• Discuss the relationship between usability requirements and interface design
  • What is an Odd Interface? Motorola Razr Clippy the Office Assistant
  • Session Outline
      Interface Design Concepts
      • 8 Golden Rules
      Business Analysis and Usability
      • What Is Usability
      • 3 Key Considerations
      Usability And UI Design
      • Software Requirements
      • Usability Testing
  • 8 Golden Rules of Interface Design Strive for consistency Reduce short-term memory load Support internal locus of control Permit easy reversal of actions Offer error prevention and simple error handling Design dialogues to yield closure Offer informative feedback Enable frequent users to use shortcuts 1 2 3 4 5 6 7 8 Interface design concepts
  • Strive For Consistency
    • Similar situations = consistent sequences of actions
    • Leverage user's pre-existing knowledge
    • Internal consistency
      • Terminology used throughout product
      • Consistent text attributes throughout interface
    • External consistency
      • Across products/applications
    1 Interface design concepts
  •  
  • GIMP Image Editor Evolution Mail Client External Consistency Closing with unsaved data GThumb Image Viewer Interface design concepts
  • Microsoft Word Microsoft Excel Microsoft PowerPoint External Consistency Microsoft Office’s Ribbon Interface Why doesn’t everyone like it? Internal consistency? Interface design concepts
  • Enable Frequent Users to Use Shortcuts
    • As frequency of use increases, users desire to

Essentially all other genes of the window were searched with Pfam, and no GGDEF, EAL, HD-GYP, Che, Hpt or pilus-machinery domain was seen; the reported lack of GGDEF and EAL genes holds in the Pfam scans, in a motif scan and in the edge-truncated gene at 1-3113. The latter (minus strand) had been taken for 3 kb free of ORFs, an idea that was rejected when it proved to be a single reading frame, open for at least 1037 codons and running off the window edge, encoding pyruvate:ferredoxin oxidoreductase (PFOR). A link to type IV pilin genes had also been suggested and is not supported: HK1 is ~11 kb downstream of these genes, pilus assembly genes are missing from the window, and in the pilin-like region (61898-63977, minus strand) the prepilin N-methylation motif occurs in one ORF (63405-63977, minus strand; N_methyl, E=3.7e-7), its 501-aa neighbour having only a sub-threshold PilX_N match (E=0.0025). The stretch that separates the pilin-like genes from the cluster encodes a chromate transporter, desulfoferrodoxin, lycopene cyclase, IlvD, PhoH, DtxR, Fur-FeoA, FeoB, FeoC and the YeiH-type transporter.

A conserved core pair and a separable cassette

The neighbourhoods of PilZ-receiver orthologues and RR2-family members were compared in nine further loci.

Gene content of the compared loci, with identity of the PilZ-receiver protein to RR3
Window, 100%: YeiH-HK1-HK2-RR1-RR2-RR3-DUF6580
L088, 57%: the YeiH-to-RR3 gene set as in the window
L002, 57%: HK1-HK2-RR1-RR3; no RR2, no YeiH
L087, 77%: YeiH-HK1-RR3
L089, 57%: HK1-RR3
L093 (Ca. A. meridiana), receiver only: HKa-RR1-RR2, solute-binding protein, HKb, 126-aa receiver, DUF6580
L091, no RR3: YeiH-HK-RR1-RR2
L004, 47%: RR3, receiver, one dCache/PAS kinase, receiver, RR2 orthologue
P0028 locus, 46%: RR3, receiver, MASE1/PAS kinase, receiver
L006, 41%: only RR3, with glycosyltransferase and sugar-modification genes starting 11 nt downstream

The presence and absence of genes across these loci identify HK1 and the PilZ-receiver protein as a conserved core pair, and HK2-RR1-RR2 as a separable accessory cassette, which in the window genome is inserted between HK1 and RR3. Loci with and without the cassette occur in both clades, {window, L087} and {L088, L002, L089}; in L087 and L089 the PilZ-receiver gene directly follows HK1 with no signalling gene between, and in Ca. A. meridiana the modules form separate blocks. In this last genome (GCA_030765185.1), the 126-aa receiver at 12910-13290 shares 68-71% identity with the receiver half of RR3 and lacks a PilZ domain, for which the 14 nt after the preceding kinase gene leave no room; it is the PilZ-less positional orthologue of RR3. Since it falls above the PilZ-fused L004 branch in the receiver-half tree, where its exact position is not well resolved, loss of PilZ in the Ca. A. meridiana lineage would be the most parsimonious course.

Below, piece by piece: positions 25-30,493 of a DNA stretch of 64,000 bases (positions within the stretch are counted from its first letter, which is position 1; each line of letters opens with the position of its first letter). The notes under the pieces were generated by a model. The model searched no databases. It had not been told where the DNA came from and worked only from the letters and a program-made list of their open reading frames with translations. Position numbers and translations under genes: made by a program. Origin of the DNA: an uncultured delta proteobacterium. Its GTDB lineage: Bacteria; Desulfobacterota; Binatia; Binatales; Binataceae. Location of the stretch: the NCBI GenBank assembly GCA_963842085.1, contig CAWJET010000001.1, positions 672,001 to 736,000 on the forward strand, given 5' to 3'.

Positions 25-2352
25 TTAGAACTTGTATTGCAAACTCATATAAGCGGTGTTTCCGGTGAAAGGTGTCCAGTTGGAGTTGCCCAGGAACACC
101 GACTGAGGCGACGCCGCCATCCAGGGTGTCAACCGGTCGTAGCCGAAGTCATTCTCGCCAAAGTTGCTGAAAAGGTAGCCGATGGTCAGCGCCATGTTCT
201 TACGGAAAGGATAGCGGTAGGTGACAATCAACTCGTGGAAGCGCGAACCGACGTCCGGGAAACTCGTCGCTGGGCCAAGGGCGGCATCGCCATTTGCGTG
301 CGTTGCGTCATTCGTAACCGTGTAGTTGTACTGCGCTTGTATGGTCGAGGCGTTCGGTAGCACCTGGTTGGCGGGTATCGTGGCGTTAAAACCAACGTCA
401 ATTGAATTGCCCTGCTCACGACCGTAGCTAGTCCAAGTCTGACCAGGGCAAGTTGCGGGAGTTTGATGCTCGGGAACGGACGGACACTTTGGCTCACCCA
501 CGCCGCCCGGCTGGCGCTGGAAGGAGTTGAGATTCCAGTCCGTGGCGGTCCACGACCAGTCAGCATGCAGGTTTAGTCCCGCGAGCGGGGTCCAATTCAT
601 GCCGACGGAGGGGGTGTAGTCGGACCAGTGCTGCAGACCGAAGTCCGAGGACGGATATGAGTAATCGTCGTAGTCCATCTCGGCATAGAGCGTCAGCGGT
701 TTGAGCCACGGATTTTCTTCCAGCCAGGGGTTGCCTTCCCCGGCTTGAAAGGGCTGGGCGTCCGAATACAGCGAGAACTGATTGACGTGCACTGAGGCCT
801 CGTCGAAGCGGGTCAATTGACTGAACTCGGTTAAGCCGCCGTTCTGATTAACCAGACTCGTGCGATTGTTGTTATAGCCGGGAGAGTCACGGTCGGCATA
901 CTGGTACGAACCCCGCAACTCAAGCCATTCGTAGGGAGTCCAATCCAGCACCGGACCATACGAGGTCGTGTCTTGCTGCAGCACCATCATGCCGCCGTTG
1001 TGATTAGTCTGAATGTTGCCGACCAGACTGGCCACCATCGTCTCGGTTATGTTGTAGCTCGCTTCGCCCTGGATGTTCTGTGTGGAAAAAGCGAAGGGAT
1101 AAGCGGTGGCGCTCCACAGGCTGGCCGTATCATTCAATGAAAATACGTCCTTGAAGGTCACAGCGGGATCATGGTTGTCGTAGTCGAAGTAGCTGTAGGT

• Reduce number of interactions
      • Increase pace of interaction
    • Basically break some Golden Rules for the elite users
    2 Interface design concepts
  • Examples of Shortcuts
    • Winkey+D = Show Desktop
    • Winkey+L = Lock screen
    • Sticky Keys (Shift x5)
    • A ccelerators
    • Tab order in web forms
    • MS Excel's magic lasso
    Interface design concepts
  • Informative Feedback
    • Inform user their action was received
    • Include feedback when something is complete
    • Make sure the feedback is
      • Informative
      • Clear
      • Concise
    • Scale degree of feedback based on action
      • Frequency
      • Importance
    3 Interface design concepts
  • Examples of Feedback
    • Audible clue
    • Spinners
    • Hourglass cursor
    • Visible changes to interface elements
    • Progress bar
    Interface design concepts
  • GThumb Image Viewer GIMP Image Editor Evolution Mail Client Degree of Feedback Closing with unsaved data Interface design concepts
  • Design Dialogues to Yield Closure
    • Organize sequences of actions
      • Beginning
      • Middle
      • End
    • Ensure user knows when a “conversation” or task is at an end
      • They feel it is complete
      • Allows them to drop contingency plans
      • Puts them at ease
    4 Interface design concepts
  • Examples of Closure
    • Delivery Information is done
      • Then Payment Information
        • Then Confirmation
    Interface design concepts
  • Error Prevention and Handling
    • Prevent errors
      • Avoid serious error possibilities
      • Opportunity to make your system look smart
    • Handle errors
      • Simple, constructive and specific instructions for recovery
    5 Interface design concepts
  • Error Handling What Not To Do Interface design concepts
  • Tension Between People and Errors